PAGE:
• Introduced an open call for AATA volunteers to serve on Committees, Conference Proposal Reviewers, and Leadership positions. Changed volunteer recruitment procedure to membership-wide outreach, replacing “word of mouth” historical process. Expanded policy to allow students to serve on committees.
  • Created two new scholarships in the last two years: the Laura Greenstone Memorial Scholarship and the Dr. Ellen G. Horovitz Spiritual Art Therapy Scholarship
  • Instituted quarterly meetings with Committee chairs beginning in 2021, and ongoing meetings with Chapter leaders, with meeting presentations available to members.

Expanding Access to the Field

  • Introduced first-ever collaboration with the Atlanta University Center Art History + Curatorial Studies Collective (AUC Art Collective), the largest Association of Historically Black College and Universities (HBCUs) to introduce art therapy to its students as a career path.
  • Advocating for professional recognition of art therapy. With the support of our chapter volunteers and ACATE:
    • 19 states now recognize art therapy (11 of which are distinct art therapy licenses). In recent years, we celebrated wins in Connecticut, Virginia, Tennessee, and the District of Columbia!
    • The Medicaid Program in New Mexico has expanded coverage of licensed professional art therapists from rehabilitative services to the broader State Plan, and the Mississippi Division of Medicaid has also expanded services covered by LPATs.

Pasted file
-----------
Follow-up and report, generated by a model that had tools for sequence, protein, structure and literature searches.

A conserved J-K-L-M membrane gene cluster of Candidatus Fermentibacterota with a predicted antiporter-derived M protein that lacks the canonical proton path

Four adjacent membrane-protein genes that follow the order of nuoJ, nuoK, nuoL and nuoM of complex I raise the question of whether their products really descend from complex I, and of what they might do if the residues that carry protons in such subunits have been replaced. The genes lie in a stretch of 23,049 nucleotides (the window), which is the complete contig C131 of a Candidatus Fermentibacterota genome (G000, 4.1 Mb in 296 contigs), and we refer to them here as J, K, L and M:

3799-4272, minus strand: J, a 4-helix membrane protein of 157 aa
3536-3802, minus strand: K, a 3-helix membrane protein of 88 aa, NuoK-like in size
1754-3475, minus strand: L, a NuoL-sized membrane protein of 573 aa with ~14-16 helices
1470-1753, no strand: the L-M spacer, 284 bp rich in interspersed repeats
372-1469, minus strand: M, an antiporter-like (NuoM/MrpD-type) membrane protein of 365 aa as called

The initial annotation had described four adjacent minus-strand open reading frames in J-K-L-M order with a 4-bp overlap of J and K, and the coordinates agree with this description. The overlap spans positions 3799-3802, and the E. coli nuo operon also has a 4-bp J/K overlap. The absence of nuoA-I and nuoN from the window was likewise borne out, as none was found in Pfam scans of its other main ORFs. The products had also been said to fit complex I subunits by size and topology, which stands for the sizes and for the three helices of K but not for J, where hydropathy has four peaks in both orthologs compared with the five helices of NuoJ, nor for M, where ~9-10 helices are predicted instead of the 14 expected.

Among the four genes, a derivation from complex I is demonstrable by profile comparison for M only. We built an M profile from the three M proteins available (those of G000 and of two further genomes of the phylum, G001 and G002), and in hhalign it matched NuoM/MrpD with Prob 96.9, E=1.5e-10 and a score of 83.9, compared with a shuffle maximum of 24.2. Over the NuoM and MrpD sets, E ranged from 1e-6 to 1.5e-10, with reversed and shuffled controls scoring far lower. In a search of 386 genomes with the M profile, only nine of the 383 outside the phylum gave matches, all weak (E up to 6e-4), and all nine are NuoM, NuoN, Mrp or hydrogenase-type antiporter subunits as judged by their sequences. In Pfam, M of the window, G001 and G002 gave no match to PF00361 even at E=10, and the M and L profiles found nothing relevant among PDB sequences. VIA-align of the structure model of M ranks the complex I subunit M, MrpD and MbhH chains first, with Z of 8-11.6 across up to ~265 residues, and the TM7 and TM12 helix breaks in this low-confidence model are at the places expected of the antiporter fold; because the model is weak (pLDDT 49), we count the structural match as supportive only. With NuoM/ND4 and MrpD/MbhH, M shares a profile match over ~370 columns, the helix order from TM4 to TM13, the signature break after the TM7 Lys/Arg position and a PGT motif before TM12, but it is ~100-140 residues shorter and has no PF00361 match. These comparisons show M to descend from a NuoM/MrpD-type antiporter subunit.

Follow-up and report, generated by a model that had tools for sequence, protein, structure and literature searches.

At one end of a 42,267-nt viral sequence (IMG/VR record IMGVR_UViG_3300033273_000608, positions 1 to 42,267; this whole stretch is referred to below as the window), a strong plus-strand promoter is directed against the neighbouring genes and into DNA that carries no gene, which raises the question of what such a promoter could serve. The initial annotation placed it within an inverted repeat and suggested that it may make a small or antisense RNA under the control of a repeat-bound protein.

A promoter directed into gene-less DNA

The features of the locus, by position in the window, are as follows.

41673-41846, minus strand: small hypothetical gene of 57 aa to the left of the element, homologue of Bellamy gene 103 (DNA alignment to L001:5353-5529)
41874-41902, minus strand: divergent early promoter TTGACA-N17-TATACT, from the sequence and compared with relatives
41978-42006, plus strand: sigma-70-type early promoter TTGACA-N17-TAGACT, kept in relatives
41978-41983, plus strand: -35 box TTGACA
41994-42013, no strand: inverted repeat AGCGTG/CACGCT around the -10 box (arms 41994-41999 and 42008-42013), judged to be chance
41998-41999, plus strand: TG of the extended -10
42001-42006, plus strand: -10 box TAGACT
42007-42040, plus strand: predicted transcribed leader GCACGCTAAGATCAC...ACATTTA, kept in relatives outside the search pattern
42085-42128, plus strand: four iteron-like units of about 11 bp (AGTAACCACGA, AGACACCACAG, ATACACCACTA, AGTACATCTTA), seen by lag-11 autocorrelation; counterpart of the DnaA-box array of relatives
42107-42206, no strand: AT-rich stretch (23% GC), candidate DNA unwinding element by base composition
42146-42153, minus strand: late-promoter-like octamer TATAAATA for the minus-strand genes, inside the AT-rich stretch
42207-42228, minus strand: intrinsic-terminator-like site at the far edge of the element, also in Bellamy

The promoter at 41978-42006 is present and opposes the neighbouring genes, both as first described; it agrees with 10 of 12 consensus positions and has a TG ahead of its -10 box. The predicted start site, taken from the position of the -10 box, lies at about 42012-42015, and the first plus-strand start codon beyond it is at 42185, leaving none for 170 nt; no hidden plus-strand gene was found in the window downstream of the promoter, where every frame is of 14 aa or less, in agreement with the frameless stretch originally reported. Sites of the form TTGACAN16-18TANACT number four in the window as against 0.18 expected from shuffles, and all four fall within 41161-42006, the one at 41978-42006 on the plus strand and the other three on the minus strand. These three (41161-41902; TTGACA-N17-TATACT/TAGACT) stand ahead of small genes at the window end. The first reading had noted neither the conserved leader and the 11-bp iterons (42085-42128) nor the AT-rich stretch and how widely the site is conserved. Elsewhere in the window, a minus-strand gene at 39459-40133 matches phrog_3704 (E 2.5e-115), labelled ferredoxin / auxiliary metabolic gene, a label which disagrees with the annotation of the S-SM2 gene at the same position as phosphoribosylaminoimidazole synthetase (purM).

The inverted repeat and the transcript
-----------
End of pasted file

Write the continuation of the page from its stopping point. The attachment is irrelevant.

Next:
• 17 art therapy master’s programs have now received initial accreditation through the Commission on Accreditation of Allied Health Education Programs (CAAHEP). Since transitioning toward third-party accreditation, we have heard from more institutions interested in starting programs. And we expect to attract more programs moving forward, especially from public institutions.

Incorporating DEI into AATA Governance & Leadership Development

  • Actively seeking diverse candidates to AATA’s National Office Staff and Board of Directors.
  • Offering regular DEI training and development opportunities to AATA’s Leadership, National Office Staff, Committees, and Chapters from association DEI consultants.
  • Collaborating with AATA Committees to support DEI efforts and work plans.

Prioritizing DEI in our Strategic Planning Processes

  • Identified and incorporated DEI as a core AATA Strategic Plan priority (2018).
  • Established new DEI Vision and Mission statements (2019).
  • Promoted AATA’s DEI Taskforce of the Board to a full Committee of the Board (2020).
  • Developed and implemented a DEI Committee 2020-2021 Action Plan
  • Establishing DEI as one of 5 key pillars in AATA’s updated strategic plan (2021-2023) and invited members to offer comments to the strategic plan during an open comment period in June 2021.